Apple CEO Steve Jobs will not be delivering the Macworld Conference & Expo keynote in January, and Apple plans to cease exhibiting at the conference in 2009, the company said Tuesday.
"Apple is reaching more people in more ways than ever before, so like many companies, trade shows have become a very minor part of how Apple reaches its customers," the company said in a statement. "The increasing popularity of Apple's Retail Stores, which more than 3.5 million people visit every week, and the Apple.com Web site enable Apple to directly reach more than a hundred million customers around the world in innovative new ways."
The company said it has been steadily scaling back its presence in recent years at trade shows like NAB, Macworld New York, Macworld Tokyo, and Apple Expo in Paris.
The cost-cutting move is a blow to business media company IDG, which runs the Macworld conference.
The first Macworld show took place in 1985. Jobs has been delivering keynotes there since his return to Apple in 1997.
IDG did not immediately respond to requests for comment.
"It's not a surprise," said Tim Bajarin, president of consulting firm Creative Strategies. "Apple has been talking about withdrawing from Macworld for two years."
Trade shows have become much less important to Apple, he said, because they don't deliver the return on investment that they used to.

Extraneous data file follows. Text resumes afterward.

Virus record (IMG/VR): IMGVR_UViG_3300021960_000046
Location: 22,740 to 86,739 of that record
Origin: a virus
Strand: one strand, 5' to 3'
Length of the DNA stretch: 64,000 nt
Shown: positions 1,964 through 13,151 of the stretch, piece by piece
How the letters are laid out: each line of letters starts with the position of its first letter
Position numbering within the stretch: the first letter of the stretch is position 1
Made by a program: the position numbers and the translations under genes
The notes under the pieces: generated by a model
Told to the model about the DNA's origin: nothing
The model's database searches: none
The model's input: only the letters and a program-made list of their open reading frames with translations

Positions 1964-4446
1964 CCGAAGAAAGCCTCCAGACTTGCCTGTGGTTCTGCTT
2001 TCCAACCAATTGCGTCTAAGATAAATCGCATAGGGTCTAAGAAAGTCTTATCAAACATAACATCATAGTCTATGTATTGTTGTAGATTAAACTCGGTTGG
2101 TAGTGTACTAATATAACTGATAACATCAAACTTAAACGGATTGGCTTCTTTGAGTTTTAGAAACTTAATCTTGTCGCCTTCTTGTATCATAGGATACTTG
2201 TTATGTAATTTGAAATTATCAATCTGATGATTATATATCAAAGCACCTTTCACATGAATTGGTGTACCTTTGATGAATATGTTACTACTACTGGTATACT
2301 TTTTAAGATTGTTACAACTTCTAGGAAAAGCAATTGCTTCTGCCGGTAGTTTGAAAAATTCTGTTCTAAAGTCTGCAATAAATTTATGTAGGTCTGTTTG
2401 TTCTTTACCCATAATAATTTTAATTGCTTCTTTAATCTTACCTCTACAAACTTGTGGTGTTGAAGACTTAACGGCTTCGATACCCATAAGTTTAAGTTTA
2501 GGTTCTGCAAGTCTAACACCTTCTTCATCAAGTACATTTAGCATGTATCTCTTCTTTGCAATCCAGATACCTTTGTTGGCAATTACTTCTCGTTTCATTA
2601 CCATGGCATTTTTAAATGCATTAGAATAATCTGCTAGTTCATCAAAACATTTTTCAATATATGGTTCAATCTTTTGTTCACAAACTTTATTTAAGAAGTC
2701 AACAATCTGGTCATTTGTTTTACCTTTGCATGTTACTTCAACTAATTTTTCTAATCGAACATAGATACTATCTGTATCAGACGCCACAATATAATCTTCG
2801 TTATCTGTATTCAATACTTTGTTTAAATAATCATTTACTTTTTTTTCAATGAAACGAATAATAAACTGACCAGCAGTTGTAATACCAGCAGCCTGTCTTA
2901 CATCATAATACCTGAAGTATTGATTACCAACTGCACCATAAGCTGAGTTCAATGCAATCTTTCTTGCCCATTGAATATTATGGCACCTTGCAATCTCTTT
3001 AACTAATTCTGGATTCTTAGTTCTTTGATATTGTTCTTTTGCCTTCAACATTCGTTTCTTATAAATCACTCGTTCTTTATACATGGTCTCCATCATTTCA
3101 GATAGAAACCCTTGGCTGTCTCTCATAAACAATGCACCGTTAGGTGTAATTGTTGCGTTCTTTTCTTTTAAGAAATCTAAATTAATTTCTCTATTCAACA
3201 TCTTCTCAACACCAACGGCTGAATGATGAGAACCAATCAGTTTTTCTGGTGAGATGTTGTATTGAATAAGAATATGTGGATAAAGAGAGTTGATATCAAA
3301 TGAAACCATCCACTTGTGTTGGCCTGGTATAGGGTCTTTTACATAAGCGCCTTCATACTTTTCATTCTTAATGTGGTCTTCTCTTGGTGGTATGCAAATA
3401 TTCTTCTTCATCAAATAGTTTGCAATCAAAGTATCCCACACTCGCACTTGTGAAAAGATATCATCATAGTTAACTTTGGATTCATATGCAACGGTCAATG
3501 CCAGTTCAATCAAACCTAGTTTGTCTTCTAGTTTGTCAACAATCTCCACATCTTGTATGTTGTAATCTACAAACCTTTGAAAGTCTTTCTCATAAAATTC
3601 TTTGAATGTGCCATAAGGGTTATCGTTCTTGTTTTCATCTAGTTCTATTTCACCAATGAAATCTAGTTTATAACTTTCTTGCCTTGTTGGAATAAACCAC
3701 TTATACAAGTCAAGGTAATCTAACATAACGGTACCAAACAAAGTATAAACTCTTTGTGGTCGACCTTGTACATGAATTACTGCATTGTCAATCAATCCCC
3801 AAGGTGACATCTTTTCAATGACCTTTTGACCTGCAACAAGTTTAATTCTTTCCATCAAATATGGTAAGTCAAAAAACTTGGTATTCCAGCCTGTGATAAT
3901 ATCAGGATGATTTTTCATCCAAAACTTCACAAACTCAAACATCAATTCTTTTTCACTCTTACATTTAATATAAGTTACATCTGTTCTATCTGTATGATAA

"You can reach people in a much more cost effective way than million-dollar booths," he said.
Bajarin believes Apple wants more freedom to release products on its own timetable, rather than designing around conference schedules.
Apple's decision could foreshadow problems for specialized trade shows. "Industry shows like CES I think will continue," he said. "Where you'll see more trouble is dedicated consumer or customer shows, where you're dealing with a particular platform."
Philip Schiller, Apple's avuncular senior VP of worldwide product marketing and frequent comedic foil during Jobs' presentations, will deliver the opening keynote at January's Macworld show.
Jobs' absence will almost certainly dampen the Macworld experience for attendees. For years, Apple fans have been waiting in long lines to see Jobs speak and, perhaps, announce "one more thing," the next shiny new Apple gadget.
Jobs' keynotes have become so much a part of Apple fan culture that there's a Wikipedia entry that traces the history of so-called "Stevenotes."
The choice of Schiller to deliver the keynote may also be seen by some as a hint of Apple's post-Jobs succession plan. Other names that have been suggested as possible candidates to take over Apple should Jobs step down include Apple COO Tim Cook and Jonathan Ive, Apple's senior VP of industrial design.